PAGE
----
Level 1 Protection      20 Metre Rolling Sphere
Level 2 Protection      30 Metre Rolling Sphere
Level 3 Protection      45 Metre Rolling Sphere
Level 4 Protection      60 Metre Rolling Sphere

Some structures are more at risk of being struck by lightning. The risk for a structure is the area size, the height and the number of lightning strikes per year per mi² for the area.

Lightning protectors should be placed where they will prevent the sphere from touching a structure. A weak point in most lightning systems is in transporting the captured discharge from the lightning rod to the ground.

Lightning Protection Systems are used to lessen or prevent lightning strikes from damaging structures. These systems lessen the fire hazard which lightning strikes can pose to structures. A Lightning Protection System provides a low-impedance path for the lightning current to lessen the heating effect of current flowing through flammable structural materials. If lightning travels through porous or water-covered materials, then these materials can explode if their water content is turned to steam by heat produced from the high current. This is an example of why trees can be often shattered by lightning strikes.

What are the main components of a Lightning Protection System?

The parts of a Lightning Protection System consist of:

  • Air terminals (lightning rods or strike termination devices)
  • Bonding conductors
  • Ground terminals (ground or earthing rods, plates, or mesh)
  • Connectors

Air terminals are placed at or along the upper points of a roofing structure and are electrically bonded together with bonding conductors (down conductors or down leads). These are connected by a direct route to one or more grounding (earthing) terminals. The connections to the earth electrodes must not only have low resistance, but must have low self-inductance.

How does a Lightning Protection System work?

A Lightning Protection System provides a conductive path between an air terminal and earth, so that when a building is struck by lightning, the majority of the lightning’s current follows the path of the Lightning Protection System, with substantially less current traveling through flammable materials.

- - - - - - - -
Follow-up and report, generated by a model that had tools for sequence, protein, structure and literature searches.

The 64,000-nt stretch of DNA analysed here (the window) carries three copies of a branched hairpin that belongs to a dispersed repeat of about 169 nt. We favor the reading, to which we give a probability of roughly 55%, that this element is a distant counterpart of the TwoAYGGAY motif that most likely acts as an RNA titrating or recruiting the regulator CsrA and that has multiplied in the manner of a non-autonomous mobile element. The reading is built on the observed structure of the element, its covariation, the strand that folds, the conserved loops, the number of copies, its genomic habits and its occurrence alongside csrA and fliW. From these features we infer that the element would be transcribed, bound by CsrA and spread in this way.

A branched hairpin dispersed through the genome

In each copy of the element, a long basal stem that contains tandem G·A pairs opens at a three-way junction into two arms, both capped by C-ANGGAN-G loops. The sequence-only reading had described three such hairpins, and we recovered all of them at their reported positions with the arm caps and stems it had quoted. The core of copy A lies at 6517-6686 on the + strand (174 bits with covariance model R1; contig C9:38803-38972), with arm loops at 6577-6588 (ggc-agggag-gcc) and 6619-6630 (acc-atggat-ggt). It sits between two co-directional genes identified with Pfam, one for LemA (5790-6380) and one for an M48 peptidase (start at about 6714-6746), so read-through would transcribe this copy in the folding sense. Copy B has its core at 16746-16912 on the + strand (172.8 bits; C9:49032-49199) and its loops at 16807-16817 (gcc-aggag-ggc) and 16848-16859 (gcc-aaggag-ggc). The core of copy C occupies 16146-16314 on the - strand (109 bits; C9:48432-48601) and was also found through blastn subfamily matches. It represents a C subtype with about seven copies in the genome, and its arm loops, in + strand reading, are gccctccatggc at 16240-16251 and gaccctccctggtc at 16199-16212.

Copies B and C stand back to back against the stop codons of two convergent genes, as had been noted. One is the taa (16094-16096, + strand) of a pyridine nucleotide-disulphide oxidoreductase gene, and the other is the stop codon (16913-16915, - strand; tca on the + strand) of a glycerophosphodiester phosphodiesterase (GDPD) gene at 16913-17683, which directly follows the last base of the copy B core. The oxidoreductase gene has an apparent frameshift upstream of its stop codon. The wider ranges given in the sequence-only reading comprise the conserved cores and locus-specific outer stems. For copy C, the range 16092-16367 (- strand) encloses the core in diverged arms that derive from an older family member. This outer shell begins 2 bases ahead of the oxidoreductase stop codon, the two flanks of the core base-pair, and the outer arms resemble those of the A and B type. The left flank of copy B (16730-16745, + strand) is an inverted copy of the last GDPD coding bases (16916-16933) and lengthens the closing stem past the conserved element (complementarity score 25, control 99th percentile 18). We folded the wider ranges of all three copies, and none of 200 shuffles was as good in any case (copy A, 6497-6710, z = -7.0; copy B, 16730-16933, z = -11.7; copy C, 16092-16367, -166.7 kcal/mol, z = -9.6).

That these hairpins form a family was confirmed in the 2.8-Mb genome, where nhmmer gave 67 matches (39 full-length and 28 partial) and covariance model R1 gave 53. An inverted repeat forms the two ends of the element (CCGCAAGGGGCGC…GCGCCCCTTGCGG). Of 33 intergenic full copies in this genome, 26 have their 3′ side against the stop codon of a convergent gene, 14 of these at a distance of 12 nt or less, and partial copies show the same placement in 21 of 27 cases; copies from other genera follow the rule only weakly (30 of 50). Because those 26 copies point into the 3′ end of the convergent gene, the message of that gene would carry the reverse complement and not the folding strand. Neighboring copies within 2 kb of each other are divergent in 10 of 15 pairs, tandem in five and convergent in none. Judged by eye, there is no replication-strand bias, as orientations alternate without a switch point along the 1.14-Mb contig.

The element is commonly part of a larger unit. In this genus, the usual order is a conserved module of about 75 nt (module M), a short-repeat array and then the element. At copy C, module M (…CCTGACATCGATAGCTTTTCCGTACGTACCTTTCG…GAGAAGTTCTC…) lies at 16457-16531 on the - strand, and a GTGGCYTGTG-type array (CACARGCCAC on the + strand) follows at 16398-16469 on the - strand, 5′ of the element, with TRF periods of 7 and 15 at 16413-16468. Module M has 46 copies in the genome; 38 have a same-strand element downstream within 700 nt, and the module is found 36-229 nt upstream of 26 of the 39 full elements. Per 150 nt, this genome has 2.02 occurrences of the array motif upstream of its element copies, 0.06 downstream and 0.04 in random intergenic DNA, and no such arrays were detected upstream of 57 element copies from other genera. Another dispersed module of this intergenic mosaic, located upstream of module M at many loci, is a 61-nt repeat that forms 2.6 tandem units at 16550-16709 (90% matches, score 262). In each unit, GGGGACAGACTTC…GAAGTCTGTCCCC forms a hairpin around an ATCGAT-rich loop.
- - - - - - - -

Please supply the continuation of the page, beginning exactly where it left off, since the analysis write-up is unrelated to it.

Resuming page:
Damage to a building occurs when high voltages travel too quickly and bypass surge protection equipment. Because lightning can send extremely high voltages into an electrical installation, arcs can jump at multiple places, which can cause mechanical damage and ignition to a building.

Lightning can enter a building in four ways:

  1. Striking a metal object on the roof, e.g. antenna, cupola, air conditioning unit extending upwards, or alike
  2. Striking a building directly
  3. Striking a tree or silo near the building and travelling to it
  4. Striking a power line or wire fence, then travelling into the building

Can Lightning Protection be installed after a building is constructed?

Installation of a Lightning Protection System should ideally be done during construction as the AS1768 Lightning Protection Standard specifies that the conventional design should be designed and installed during construction, as this type of Lightning Protection System can be difficult to retrofit to existing buildings, and would require down conductors to be installed vertically on the external walls every 20 metres. These conductors also require to be clipped every metre or so, as the system can be visually unsightly and detract from the aesthetics of the building.

During construction, structural rebar within the concrete may be used to carry lightning current to ground where there is a continuity of the rebar from roof to ground. Where this continuity is not assured, the use of dedicated down conductors is recommended.

These systems are very labour and component intensive, where the install costs can be considerable as an overall percentage of the systems cost.